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Smallpox

Volume 413: debated on Friday 24 August 1945

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asked the Secretary of State for War what steps other than vaccination are taken to prevent the spread of smallpox amongst troops serving abroad.

The steps, other than vaccination, taken to prevent the spread of smallpox amongst troops serving abroad include:—Isolation of cases as they occur. Surveillance by medical officers of the contacts of cases. Disinfection of accommodation and personal clothing and bedding where a case of smallpox has occurred, as laid down in Army Council Instructions.

In areas where civilian outbreaks occur, steps may be taken to limit the extent of contact of troops with civilians, for example, by placing an area out of bounds. The routine health inspections may detect early cases of disease.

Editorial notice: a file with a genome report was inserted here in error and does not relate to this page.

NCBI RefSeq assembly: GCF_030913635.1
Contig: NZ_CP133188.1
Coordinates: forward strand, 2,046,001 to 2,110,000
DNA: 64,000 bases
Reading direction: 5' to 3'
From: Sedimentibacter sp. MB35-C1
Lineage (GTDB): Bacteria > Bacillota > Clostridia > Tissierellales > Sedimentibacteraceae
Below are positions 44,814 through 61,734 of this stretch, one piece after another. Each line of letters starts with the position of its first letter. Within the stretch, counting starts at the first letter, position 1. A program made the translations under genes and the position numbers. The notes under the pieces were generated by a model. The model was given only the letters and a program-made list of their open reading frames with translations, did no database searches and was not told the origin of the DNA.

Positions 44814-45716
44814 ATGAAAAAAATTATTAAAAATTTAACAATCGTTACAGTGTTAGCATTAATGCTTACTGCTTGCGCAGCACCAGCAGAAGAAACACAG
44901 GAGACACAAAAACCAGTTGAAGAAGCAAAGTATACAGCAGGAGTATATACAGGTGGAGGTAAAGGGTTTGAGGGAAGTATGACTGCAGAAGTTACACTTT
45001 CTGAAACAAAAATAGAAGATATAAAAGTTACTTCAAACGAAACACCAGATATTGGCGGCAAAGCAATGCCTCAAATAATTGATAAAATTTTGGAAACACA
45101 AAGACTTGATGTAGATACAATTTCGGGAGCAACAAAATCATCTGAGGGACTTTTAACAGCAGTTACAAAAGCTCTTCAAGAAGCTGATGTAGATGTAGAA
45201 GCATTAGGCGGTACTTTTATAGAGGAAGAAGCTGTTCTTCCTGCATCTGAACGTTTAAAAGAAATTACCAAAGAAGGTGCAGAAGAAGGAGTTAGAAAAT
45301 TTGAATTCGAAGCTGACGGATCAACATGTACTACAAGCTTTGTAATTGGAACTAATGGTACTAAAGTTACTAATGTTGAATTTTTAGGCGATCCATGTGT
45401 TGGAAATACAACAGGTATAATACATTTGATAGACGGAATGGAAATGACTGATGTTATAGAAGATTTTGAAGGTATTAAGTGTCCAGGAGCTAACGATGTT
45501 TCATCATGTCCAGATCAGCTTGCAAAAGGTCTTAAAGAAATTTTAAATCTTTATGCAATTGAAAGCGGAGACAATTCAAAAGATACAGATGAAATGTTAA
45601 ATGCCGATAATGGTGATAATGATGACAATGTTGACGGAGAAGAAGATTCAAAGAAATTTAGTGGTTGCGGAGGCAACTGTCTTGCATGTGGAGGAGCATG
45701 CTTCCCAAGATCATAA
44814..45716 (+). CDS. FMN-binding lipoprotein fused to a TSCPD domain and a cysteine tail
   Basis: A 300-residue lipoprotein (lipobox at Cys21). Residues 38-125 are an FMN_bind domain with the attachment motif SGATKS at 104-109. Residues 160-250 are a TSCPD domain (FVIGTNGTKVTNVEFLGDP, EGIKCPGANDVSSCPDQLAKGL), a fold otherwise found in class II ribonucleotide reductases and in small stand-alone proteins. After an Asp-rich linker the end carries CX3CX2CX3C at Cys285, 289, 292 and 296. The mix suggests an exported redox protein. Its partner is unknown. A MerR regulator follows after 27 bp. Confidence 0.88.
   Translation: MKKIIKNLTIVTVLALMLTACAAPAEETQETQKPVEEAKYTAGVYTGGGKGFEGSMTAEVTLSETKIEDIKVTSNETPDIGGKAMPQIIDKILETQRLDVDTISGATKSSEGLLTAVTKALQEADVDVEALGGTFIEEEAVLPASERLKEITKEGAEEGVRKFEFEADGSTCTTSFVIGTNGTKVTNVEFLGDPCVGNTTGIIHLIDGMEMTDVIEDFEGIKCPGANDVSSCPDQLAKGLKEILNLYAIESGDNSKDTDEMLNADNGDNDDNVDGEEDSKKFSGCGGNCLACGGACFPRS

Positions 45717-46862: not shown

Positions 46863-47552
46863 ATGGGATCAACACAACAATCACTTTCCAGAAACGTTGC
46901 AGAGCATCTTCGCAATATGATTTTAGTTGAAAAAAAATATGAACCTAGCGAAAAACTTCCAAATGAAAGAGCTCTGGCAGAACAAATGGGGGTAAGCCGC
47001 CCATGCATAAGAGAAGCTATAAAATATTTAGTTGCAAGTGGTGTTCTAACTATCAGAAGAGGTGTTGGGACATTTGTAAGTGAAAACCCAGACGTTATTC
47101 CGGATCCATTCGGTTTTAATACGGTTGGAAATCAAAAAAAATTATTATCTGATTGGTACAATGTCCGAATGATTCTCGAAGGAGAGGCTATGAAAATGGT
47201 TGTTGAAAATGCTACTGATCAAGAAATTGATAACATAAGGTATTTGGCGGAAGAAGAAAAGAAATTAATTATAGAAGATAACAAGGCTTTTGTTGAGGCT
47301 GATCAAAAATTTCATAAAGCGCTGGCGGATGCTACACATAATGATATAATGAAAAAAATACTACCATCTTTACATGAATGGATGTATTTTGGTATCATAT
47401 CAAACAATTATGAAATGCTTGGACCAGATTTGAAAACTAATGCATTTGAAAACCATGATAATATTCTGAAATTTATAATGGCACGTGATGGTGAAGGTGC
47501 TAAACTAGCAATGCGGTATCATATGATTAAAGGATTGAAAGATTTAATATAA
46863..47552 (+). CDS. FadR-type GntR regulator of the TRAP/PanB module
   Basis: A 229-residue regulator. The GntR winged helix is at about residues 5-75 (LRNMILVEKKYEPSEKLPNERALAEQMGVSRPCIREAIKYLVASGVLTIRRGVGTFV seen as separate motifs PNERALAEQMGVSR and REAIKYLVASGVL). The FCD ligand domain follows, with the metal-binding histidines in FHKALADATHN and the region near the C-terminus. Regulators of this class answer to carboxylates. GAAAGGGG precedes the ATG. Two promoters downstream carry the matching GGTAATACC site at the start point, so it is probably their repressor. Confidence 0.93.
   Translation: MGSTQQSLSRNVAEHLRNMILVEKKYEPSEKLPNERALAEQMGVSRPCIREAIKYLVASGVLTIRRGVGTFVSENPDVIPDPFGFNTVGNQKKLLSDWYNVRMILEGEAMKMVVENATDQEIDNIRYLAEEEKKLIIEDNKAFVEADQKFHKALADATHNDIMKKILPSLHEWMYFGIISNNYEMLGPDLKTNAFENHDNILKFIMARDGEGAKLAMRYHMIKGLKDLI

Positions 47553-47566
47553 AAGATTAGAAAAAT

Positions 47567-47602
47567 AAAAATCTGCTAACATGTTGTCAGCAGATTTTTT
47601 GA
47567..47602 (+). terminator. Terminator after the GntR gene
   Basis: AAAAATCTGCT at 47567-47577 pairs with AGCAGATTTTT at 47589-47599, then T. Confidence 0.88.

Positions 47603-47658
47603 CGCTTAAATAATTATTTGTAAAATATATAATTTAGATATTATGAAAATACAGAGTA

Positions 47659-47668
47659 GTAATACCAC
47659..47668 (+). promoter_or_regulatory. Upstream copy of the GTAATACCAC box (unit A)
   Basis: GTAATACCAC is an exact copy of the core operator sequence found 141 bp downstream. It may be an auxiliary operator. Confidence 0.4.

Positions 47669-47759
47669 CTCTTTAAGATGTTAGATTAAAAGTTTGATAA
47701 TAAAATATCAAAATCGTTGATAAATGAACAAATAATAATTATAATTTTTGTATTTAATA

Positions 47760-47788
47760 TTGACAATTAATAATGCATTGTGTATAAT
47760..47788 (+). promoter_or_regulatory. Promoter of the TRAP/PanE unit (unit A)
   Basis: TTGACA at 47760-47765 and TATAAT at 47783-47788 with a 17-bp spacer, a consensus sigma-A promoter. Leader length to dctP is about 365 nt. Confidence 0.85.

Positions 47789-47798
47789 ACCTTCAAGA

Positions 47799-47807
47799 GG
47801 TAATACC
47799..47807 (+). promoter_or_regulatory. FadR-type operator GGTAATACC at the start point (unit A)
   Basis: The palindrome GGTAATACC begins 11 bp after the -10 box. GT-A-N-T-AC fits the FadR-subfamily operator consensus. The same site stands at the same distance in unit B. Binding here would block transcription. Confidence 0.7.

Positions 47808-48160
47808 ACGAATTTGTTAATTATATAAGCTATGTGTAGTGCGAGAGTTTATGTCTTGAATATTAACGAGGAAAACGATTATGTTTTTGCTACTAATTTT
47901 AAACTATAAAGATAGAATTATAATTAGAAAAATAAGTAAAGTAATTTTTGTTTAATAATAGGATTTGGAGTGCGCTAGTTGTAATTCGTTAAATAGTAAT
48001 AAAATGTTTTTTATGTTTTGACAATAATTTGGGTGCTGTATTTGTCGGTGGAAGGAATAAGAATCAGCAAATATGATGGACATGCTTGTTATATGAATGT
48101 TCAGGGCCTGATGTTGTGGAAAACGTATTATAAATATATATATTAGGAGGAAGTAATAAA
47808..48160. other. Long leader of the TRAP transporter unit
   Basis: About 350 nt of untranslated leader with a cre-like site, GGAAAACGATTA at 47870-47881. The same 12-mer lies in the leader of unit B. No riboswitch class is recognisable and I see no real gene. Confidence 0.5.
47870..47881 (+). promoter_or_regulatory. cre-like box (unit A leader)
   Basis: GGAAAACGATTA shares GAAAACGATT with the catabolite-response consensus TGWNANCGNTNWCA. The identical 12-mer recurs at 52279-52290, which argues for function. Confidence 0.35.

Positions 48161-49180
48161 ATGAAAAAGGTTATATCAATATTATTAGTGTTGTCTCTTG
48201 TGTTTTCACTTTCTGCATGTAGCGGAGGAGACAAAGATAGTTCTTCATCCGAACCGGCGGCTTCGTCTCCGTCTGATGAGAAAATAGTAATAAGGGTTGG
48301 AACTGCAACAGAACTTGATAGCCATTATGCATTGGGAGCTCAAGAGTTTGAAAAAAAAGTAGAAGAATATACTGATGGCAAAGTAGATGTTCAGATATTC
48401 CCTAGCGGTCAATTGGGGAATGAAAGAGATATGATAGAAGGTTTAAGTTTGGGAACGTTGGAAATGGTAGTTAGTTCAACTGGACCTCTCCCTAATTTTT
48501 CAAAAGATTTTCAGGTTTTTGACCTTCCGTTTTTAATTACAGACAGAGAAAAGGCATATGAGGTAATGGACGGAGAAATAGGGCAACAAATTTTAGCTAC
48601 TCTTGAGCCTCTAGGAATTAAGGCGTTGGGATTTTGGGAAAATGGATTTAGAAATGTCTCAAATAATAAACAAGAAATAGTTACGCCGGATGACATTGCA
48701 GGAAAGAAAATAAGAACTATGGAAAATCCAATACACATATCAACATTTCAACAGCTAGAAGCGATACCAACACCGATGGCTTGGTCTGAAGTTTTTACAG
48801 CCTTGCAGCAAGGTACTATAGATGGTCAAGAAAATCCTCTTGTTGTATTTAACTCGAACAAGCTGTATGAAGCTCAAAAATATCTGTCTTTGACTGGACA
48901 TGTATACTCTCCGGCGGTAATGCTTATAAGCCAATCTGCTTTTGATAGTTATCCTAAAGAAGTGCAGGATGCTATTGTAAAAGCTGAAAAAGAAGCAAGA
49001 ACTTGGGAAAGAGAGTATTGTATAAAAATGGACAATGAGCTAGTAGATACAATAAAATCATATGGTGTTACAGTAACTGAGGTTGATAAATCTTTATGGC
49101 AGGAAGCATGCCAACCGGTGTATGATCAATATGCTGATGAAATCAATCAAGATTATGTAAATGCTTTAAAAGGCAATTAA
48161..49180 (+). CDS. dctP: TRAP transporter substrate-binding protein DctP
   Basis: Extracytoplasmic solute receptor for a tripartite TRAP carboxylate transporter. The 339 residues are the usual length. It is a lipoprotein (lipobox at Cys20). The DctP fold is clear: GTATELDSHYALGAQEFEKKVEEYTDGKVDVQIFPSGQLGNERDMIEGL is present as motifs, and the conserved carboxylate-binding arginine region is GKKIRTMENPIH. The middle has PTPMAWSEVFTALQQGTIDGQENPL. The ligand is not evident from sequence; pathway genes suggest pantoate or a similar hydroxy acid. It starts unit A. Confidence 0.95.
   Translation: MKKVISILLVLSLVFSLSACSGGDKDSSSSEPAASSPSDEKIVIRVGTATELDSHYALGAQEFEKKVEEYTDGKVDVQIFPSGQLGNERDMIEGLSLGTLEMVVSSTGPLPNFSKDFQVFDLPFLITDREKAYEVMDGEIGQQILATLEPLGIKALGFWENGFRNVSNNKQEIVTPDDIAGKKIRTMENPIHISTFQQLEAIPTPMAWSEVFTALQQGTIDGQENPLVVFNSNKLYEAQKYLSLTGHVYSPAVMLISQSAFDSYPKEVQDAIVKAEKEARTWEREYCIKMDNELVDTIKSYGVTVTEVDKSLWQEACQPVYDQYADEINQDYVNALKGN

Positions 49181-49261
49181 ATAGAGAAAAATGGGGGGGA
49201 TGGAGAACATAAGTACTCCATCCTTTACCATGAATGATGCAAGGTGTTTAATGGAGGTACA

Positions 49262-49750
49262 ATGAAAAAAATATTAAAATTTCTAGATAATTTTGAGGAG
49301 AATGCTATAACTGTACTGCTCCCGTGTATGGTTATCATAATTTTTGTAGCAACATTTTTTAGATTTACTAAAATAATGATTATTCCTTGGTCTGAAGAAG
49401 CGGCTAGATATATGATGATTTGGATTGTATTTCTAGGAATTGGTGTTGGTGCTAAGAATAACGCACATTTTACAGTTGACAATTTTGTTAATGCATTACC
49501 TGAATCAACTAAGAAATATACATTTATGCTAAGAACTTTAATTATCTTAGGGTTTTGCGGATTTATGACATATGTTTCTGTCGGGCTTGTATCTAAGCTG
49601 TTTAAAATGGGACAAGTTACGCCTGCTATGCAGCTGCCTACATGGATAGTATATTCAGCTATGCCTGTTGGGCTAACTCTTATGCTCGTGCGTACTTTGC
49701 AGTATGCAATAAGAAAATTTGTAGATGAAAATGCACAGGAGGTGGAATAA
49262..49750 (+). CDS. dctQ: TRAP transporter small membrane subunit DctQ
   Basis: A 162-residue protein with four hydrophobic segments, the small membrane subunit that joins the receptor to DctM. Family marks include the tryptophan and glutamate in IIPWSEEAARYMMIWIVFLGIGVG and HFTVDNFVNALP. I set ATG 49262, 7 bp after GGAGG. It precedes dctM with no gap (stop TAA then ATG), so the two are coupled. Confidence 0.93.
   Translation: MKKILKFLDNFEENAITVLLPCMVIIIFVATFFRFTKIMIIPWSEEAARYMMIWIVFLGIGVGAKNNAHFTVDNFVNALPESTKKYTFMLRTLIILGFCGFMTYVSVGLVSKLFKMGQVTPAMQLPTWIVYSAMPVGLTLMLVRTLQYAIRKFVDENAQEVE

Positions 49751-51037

The Port Sanitary Regulations, 1933, and the Public Health (Aircraft) Regulations, 1938, are designed to prevent the introduction of smallpox (and certain other infectious diseases) into each country. Close co-operation is maintained with the civilian health authorities, wherever possible, in order to lessen the risk of civilian outbreaks spreading to troops. It should perhaps be emphasised that vaccination is the greatest single measure of protection against smallpox, and that without vaccination the above measures would be of doubtful efficacy.